On Saturday afternoon, Crookwell junior cricketers got the once-in-a-lifetime opportunity to meet Australian cricket legend Jeff Thomson.
The 68-year-old made an appearance at Todkill Park to launch the junior cricket season, and he spent an hour coaching the next crop of up-and-coming Crookwell bowlers.
Crookwell Junior Cricket president, Kip Skelly, said that, even if the kids were too young to know who Thomson was, it was still a special opportunity for them to learn from an old pro.
“It should mean the world to ‘em,” Skelly said.
“Any of these kids that are my age will know that he’s the fastest bowler the world’s ever seen.
“He’s very good to have with kids here because he doesn’t preach this ‘you must bowl this way’ bit. Because he had what was seen as such a strange action, yet he went through all his bowling days and I don’t think he was ever hurt while he was bowling.”
The key to producing high-quality and unique fast bowlers, Thomson said, was to encourage kids to bowl their own way while instilling technical basics which would hold them in good stead.
“You’ve still got to let it go properly, it’s all about letting it go properly,” he said.
“Some kids try to run in quick and slow down or the other way around, it’s [actually] all about what you do at the crease.”
Of the kids at Crookwell, Thommo said that “they’re like everyone, they do silly little things [technically].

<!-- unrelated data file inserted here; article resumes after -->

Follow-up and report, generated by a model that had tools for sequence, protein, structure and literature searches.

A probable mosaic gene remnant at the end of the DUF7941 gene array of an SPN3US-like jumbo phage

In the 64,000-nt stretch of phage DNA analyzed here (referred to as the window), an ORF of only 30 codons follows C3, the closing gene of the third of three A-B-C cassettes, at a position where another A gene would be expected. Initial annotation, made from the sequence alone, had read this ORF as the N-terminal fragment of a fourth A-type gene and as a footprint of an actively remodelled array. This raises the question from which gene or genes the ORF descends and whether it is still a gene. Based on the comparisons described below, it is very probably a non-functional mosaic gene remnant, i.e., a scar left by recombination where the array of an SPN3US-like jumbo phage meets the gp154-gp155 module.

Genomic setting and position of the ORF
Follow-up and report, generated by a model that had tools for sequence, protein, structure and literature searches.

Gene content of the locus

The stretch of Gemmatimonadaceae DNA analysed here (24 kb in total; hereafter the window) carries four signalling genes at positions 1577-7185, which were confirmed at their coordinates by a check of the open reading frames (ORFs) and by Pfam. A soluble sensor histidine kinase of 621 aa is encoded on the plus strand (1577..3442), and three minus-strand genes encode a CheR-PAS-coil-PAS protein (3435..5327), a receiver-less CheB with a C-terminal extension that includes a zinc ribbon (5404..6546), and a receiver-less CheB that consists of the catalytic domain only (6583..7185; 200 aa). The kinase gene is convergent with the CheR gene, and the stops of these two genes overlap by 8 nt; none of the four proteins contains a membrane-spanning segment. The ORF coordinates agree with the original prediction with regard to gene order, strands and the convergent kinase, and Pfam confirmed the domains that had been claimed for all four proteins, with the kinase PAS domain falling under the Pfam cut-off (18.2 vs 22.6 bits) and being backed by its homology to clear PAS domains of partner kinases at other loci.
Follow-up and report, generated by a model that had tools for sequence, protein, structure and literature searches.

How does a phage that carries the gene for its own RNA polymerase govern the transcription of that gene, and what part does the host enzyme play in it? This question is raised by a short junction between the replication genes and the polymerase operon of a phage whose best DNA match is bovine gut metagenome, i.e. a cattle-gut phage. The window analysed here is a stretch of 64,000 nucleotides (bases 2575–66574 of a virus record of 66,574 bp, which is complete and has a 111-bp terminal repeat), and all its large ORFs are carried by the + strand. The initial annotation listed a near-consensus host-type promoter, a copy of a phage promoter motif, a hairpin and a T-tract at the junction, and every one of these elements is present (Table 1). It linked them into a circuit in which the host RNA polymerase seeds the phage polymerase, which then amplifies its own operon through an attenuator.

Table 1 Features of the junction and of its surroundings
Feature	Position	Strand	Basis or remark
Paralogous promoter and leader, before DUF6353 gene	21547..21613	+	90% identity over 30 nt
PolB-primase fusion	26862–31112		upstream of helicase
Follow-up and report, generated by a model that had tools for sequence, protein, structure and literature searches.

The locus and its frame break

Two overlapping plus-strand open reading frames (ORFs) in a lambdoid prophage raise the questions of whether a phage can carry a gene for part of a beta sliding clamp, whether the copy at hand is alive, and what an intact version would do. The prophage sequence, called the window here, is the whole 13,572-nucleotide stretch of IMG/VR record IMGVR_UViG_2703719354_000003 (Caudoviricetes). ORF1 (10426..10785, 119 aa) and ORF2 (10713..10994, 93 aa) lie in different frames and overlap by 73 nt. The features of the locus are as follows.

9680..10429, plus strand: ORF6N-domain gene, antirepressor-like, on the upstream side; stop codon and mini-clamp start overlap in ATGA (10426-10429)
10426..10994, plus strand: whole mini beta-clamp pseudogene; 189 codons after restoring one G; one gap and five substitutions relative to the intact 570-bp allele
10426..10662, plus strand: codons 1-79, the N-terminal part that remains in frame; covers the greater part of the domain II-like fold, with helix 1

“Bowling is keeping it simple. The more simple you do it, the less trouble you have.”
Thomson’s trip to Crookwell came about as a result of a visit from Doug Walters five years earlier. Walters was invited by the owners of the Top Pub to come and auction some memorabilia.
While he was in town, he also agreed to meet some of the local juniors, and Skelly confirmed that the pub did the same this year with Thomson as he and Walters share the same manager.
The term “legend” is one that is often bandied around in cricket. As it is a multifaceted sport, there are numerous ways to be regarded as a legend: batting average, bowling average, longevity.
Few players, if any, earned the moniker with such tremendous speed and with such resounding effect as Jeff ‘Thommo’ Thomson.
Statistically speaking, he was a very good cricketer. 200 wickets at an average of exactly 28 leave no doubt as to his legacy.
However, what pushed Thomson from the bracket of “very good” to “legendary” was his pace. Sheer, unadulterated, terrifying pace.
Rod Marsh, the man who kept wicket to Thomson for much of his career, is famously quoted as having said that, by comparison with modern speed demons like Shoaib Akhtar and Brett Lee (both of whom broke the 160kph barrier), Thomson must have nudged 180 on occasion.
The belief that Thomson is the fastest they have ever faced, if not the fastest in history, is a common one among the Australian’s opponents. And, know him or not, the Crookwell cricketers will walk away from their brush with fame better for it.
Following the net session Skelly discussed with the Gazette the impact of events like on the enthusiasm of local cricketers.
“If we can get things like this and boost this up, we’ve already got two new kids lined up wanting to play,” he said.
“That’d be directly off [Thomson’s visit].”
He also said that the enthusiasm of the committee was a particular strength of the club, and thanked each member for their dedication and commitment to continuing the strong legacy of Crookwell cricket.